We'll start with Max Gurewitz, who will walkthrough writing a chat application using reactive streams.
Afterwards we'll hear from Matteo Figus about Open Components, a framework for distributing and developing solutions for the web.
Food and drinks will be served :)
Managing state in an event driven client side app can quickly become overwhelmingly complex. Learn to simplify your designs with functional reactive programming.
During this talk I’ll walk you through building a chat application with socket.io, highland.js, and react.js. This exercise will provide an introduction to using streams for asynchronous control flow.
Writing front-end code today is very challenging when you have to be resilient and robust in a big corporation. Working on a website that involves dozens of engineers based in three different continents, I learned that the complexity lies not only within the code itself. Allowing people to develop new features and deploy the code multiple times a day, keeping it up and running, is hard to achieve: we want small teams to be independent and not to interfere each other, in order to be quick and happy, but we also want to optimise cooperation when it is needed.
During this talk I’m going to speak about how we tried to approach to components at OpenTable. After breaking our monolithic back-end into smaller parts, we tried to break the front-end into smaller parts too, called micro-sites. Then, following the SOA principles, we tried to elevate components as services, in order to make engineers able to create and consume them via clear and well-defined contracts and interfaces. This allowed us to put in place the infrastructure to optimise testing and to have hundreds of changes live every day without conflicts. The result is OpenComponents, a framework that we recently open-sourced.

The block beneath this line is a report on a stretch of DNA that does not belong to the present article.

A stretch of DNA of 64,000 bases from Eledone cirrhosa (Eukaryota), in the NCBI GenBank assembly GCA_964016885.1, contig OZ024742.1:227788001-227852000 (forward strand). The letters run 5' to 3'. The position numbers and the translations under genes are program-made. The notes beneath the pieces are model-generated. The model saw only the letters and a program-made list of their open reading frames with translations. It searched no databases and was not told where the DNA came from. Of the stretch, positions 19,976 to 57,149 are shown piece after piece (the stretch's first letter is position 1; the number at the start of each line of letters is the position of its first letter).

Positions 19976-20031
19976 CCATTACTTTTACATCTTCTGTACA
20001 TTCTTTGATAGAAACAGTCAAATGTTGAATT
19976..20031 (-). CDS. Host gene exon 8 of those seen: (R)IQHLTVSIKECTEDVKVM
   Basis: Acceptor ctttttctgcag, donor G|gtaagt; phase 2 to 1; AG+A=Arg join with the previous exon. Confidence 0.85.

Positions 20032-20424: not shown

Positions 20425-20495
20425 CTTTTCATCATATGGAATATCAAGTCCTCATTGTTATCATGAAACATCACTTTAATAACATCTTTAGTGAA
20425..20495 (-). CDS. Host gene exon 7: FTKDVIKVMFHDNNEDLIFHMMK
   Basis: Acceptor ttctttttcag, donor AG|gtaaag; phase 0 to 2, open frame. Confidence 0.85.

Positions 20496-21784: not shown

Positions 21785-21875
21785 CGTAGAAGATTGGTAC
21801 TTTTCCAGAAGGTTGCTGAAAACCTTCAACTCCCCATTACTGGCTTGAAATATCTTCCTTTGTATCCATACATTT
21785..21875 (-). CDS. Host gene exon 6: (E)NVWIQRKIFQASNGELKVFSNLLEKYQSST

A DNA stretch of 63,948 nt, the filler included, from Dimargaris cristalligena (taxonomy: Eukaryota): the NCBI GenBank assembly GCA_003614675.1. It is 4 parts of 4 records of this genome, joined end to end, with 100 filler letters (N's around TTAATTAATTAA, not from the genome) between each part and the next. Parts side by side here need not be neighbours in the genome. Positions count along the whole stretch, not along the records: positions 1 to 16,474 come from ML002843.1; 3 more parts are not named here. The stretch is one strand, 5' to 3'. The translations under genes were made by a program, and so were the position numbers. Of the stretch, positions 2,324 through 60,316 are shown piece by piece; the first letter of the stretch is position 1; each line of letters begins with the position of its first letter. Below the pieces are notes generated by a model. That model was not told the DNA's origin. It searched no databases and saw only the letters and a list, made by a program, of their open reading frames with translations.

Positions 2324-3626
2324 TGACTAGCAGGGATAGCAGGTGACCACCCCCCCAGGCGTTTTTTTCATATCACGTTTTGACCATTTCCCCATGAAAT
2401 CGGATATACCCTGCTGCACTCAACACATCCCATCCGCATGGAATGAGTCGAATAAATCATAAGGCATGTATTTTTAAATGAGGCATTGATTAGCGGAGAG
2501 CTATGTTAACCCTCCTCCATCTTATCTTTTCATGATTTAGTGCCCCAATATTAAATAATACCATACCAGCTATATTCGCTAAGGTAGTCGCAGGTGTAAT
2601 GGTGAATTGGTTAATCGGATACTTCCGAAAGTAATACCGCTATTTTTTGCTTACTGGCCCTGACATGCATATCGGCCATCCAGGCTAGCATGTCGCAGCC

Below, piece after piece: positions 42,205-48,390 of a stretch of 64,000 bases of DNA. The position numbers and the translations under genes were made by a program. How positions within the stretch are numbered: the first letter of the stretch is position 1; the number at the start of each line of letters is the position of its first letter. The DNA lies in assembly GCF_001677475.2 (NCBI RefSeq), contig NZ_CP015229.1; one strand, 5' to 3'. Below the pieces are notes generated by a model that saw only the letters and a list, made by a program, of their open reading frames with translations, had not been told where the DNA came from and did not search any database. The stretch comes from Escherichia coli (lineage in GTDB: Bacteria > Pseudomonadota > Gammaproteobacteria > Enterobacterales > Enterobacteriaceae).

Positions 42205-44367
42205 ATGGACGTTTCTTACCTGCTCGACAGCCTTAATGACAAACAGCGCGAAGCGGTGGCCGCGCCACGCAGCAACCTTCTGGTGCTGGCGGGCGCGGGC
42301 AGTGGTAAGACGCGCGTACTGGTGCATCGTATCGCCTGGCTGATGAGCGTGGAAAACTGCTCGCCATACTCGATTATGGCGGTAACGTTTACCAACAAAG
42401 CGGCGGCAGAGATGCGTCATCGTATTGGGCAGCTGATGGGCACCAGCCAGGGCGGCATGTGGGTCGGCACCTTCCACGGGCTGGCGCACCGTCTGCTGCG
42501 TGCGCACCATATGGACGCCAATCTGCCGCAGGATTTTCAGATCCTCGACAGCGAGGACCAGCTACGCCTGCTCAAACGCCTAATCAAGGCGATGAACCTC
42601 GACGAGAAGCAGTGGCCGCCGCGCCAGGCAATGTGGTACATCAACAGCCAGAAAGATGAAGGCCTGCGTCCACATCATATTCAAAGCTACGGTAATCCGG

David 'DC' Collier is founder of Rikai.co, a startup making educational chat games.
He previously lived in japan for 10 years making mobile games.
Today I'll demo ComicEnglish which is a chat game for learning languages. Players talk to in-game "bots". We've developed a GUI layer on top of text chat so interactive widgets like choice dialogs, quizzes and other mini-games all appear in the chat stream, showing what a next-gen rich chat UI can be. I'll also show how the chat parser, basic NLP and fallback to human operator for 1:n chats data flow works together (time permitting).